In the Kyrgyz Republic: Working to Open Preschool to All
Education for All Fast Track Initiative Catalytic Fund Grants
July 24, 2013
There are 70 kids in the preschool program in the village of Don-Aryk. But, school officials say, there are at least two hundred more whose families want to join the program. Demand is high, but space for more students is low. “I think there’s a need to expand preschool education,” says Jumagul Alibaeva, the school’s principal. “Here, we have kids from other villages and there is an increasing understanding of how important early childhood education is in socialization.”
With support from the World Bank, the Kyrgyz Republic is trying to both improve and expand pre-school education. The Bank’s fast-track project has provided training to over 3,000 preschool teachers, and bought furniture and materials for classrooms like this one.
There is a big difference between kids who go to preschool and kids who don’t. Those kids who go to preschool are often more open-minded, those who stay in their families are less well integrated.
A Huge Demand
“There is a big difference between kids who go to preschool and kids who don’t,” says Dinara Janjigitova, an education specialist in the Chui district. “Those kids who go to preschool are often more open-minded, those who stay in their families are less well integrated.”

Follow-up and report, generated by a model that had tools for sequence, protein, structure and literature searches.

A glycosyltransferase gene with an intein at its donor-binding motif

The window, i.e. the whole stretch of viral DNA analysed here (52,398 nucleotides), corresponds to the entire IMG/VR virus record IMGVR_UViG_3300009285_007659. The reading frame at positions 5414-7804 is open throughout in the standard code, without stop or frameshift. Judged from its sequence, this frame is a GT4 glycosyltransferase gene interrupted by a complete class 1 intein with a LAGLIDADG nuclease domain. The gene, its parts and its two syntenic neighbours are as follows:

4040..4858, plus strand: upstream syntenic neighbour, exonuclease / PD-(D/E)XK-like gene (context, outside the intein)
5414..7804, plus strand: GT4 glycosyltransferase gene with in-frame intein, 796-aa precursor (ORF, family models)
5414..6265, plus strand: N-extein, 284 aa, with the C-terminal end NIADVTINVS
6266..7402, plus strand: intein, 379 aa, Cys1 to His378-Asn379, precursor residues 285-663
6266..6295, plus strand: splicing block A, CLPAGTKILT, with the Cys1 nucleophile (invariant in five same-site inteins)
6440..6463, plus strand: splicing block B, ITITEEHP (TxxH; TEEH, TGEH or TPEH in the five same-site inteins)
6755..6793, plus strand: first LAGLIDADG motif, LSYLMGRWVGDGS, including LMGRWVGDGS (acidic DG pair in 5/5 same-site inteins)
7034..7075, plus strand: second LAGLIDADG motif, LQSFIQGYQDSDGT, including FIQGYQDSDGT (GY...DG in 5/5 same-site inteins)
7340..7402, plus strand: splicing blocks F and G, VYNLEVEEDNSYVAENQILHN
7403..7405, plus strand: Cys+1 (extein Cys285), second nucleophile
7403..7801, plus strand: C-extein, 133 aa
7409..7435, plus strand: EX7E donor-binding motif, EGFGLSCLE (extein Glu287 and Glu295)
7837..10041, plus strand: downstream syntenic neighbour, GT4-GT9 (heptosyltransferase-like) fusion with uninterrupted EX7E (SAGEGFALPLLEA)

The preschool system in the Kyrgyz Republic largely fell apart when the Soviet Union did, and Kyrgyz officials are acutely aware of the importance of early childhood education, according to Dogdurgul Kendirbaeva, the Deputy Minister of Education. “The Kyrgyz Republic ranked last in international assessments of learning, and our shortcomings were in terms of reading and counting. We know that early childhood education is crucial in addressing these shortcomings,” she says.
It is for my granddaughter’s benefit. I want her to learn to socialize and get experience.
Improving Test Scores Early
Both in the capital and in all the regions, school officials stress the importance of preschool education in achieving better learning results and in building a flexible, skilled work force.
And the families of preschoolers argue that school during the important early years makes a big difference. “There’s a big difference between kids growing up at home, only in their families, and in preschool. I want my kid to be in preschool and learn,” says Janyl Attokurova, the mother of a five-year-old girl. “It is for my granddaughter’s benefit,” agrees Gulbarchin Musilova. “I want her to learn to socialize and get experience.”
So far, the World Bank’s fast-track project targets the country as a whole; the goal is to expand, increasing not only the numbers of kids who go to preschool, but also the amount of time they spend in preschool.
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